Tuesday, March 20, 2012

Blog-end Adlib: [IV] Tiresias’ Revenge (28)
Deconstruction of Thebes in Progress; early March, 2012.
© Eso A. B., 2012

 The riddle of the Sphinx was so simple that any child should have been able to answer it. Instead, it was pretended that the answer would take a “hero” to answer.

When the passing traveller could not answer the Sphinx’s simple question, we are told that he-she was killed and then eaten.
So why would anyone ever walk the road that led past the Sphinx?

The answer to these questions and doubts is that “the riddle” was part of a profound and ancient ritual, that ritual being the sacrifice of children.

The answer to the Sphinx riddle, just in case someone does not remember it, was “man”. At the start of life, he-she crawls on all fours, while grown men and women walk on two legs, but when old walk with the aid of a walking stick.

One may, however, also wonder if “man” is the answer that quite suits the occasion. Since I ‘rewrote’ Sophocles play, I have always believed that the answer should have been “everyman, everywoman” or simply “I”, or if the Sphinx heard “I do not know”, he-she would bellow with a roar: “YOU!”

On the other hand, how can one answer a riddle with an “I” or “you”? The riddle as stated by Sophocles does not answer to either of the above answers.
To arrive at the answers “I” or “you” takes a riddle that is more complex than the one that appears in Oedipus Rex. Indeed, my answer is that it takes the whole play, the entire plot, to arrive at “you”.

So, with such a riddle in mind, this is how I have ‘rewrote’ Oedipus Rex Rewritten:
There was an ancient custom that if a King wished to pass on the kingship to his son, he had to expose his son to the elements, when but a few days old, for the length of a night on top of a mountain. In King Laius case, the mountain was called Mt. Citheron.
King Laius wife, Queen Iocaste, however, objected to the custom. She was shocked over the ‘inhuman’ (to use terminology of our times) idea of exposing her infant son to the risk of death. When the King insisted, the Queen pretended to go along, but instead of exposing her son, Oedipus, to the elements and ‘wild things’, she had a trusted person, a shepherd, deliver Oedipus to her sister Meirope, who was Queen in Corinth, a neighbouring kingdom. Iocaste had her servants find an aborted or  still-born baby, the dead body of which, she took up Mt. Citheron. The next day, she used this baby as evidence that her child had not survived the night; that the Gods had not chosen to protect him. Thereafter, Queen Iocaste bore no other children, or if she did become pregnant, aborted them (with an atheist’s matter of factness) in favour of her son Oedipus at Corinth.

Of course, Queen Iocaste still wanted to see her son Oedipus on the throne of Thebes. To accomplish this, she had a plan: 1] Prince Oedipus would be persuaded to seek his fortune beyond the confines of Corinth; 2] he would discover his father, King Laius, buying a wagonload of children to be sacrificed; 3] in self-righteous fury, he would kill his father; 4] he would then kill the child-eating Sphinx; 5] he could do the former only with the connivance of Tiresias, the high priest of the Sphinx’ Temple; 6] Tiresias told Oedipus of the one weakness, the ‘Ahilees heel’, of the Sphinx, after exacting from Oedipus a promise that with the end of children’s sacrifices, he would become a sacrifice himself (to himself); 7] Oedipus rewards Tiresias for his demand by burning out the priest’s eyes with fire brands; 8] Oedipus arrives at Thebes a hero of the people; 9] Oedipus marries Iocaste, his mother and becomes King of Thebes; 10] he forgets all about his promise to Tiresias to sacrifice himself.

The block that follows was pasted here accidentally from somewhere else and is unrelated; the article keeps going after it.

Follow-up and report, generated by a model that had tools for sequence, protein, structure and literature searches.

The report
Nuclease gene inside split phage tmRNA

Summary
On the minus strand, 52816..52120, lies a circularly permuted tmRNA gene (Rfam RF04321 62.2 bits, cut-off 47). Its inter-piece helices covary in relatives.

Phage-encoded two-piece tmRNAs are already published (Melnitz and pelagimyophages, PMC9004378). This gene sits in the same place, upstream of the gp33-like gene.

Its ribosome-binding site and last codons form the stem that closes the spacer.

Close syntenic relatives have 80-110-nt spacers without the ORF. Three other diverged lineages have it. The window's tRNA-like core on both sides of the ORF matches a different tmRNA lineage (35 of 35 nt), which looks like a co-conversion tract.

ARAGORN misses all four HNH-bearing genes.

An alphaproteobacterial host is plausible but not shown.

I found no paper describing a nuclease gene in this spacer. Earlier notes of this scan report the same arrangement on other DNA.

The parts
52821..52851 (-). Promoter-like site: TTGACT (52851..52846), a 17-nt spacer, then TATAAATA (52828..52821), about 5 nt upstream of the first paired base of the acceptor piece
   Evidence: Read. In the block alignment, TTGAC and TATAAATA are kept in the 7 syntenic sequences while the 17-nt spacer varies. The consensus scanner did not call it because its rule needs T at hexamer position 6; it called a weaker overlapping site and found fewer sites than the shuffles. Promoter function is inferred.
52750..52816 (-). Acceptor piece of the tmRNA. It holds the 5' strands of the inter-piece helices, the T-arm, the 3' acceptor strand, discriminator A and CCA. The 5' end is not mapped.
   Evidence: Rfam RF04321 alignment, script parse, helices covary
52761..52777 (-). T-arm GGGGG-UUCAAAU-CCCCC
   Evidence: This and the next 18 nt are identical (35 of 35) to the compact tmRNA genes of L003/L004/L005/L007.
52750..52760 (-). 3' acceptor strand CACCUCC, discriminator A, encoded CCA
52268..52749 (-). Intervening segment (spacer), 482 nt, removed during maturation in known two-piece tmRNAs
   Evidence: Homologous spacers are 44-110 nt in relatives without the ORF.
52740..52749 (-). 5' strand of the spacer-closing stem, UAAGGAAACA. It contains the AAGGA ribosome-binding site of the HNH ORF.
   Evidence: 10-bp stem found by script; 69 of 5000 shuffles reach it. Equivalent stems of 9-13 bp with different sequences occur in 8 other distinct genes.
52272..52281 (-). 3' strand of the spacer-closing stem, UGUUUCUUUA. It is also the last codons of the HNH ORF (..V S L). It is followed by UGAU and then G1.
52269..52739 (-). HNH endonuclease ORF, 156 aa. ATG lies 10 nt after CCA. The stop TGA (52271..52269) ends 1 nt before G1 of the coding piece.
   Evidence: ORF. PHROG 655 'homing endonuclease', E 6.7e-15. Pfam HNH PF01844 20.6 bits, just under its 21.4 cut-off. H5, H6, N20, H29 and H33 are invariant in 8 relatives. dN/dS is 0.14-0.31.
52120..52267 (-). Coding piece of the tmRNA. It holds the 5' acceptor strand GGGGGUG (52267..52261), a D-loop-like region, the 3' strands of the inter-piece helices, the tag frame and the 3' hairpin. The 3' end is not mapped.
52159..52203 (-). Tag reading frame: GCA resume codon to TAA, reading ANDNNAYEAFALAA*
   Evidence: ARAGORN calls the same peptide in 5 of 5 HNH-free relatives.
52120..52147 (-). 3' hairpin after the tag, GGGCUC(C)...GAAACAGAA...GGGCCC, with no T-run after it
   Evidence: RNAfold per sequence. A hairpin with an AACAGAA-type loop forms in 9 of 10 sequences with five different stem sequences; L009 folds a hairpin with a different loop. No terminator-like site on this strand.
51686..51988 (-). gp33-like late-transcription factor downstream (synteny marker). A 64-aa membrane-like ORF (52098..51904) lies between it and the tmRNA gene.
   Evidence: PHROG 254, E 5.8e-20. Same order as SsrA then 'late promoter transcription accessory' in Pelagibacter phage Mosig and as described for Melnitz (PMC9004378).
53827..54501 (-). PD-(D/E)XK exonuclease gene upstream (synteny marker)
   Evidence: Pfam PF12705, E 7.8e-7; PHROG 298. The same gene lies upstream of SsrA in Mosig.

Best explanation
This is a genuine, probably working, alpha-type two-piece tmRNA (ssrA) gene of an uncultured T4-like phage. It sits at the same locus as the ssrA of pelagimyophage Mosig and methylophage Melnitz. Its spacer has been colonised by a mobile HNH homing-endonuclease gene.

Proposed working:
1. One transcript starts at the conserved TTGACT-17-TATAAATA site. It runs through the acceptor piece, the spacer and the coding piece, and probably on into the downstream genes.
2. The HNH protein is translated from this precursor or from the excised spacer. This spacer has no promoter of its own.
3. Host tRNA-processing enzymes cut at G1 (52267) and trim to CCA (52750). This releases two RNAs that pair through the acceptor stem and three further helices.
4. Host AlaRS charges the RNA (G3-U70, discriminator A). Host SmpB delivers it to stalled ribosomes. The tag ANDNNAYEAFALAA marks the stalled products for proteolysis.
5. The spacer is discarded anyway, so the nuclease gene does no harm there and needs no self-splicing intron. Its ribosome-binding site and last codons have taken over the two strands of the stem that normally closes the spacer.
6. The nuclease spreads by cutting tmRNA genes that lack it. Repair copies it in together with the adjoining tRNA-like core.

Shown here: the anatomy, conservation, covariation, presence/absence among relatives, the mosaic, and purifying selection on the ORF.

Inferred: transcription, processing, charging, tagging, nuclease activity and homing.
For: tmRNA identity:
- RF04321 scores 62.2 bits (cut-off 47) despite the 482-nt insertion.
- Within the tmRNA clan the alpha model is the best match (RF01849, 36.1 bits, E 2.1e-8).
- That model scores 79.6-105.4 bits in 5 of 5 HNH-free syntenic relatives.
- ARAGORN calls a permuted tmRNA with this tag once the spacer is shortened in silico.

11] As a result of Oedipus not keeping his promise or making arrangements with Tiresias as to when he would sacrifice himself to himself, Thebes begins to suffer a plague. The plague is a curious one: though he is King, Oedipus is lacking a king’s authority. While everyone in the kingdom defers to him, no one is persuaded quite trust him. Perhaps the best example of the lack of trust is Creon, Queen Iocaste’s brother, who with every passing day—and with Oedipus’s cooperation--becomes an ever mightier oligarch.

12] Tiresias uses Creon’s greed as his tool of revenge. When it becomes generally perceived that Creon will not be stopped from becoming ever wealthier, the entire court of Thebes begins to plot a power grab, each for him and herself. The community of Thebes increasingly suffers from the plague of distrust, and with each passing day fall increasingly apart.

13] When matters have gone from bad to worse, Tiresias arrives at the court of Thebes and reveals to King Oedipus that it is he who is guilty for the social disintegration, and that only his self-sacrifice will save Thebes. Upon hearing the truth, King Oedipus puts out his eyes. For making the truth known, Tiresias is killed by Queen Iocaste.

14] In the end, the only survivors of the holocaust at the Theban court are Princess Ismene, King Oedipus’ youngest daughter, nanny of King Oedipus’s children Iananna, and King Oedipus himself. It is at this point that King Oedipus resolves, to fulfil his pledge to Tiresias, by asking his daughter Ismene to take him to the top of Mt. Citheron.

15] After King Oedipus dies on the mountain, and frightened Ismene runs down the hill with the news, the community of Thebes is freed from the curse of having no one of authority over them. It is there and then Princess Ismene promises the community of Thebes that she is resolved to die at the age of eighty-one (9x9), and the Thebans install her as their ruler.

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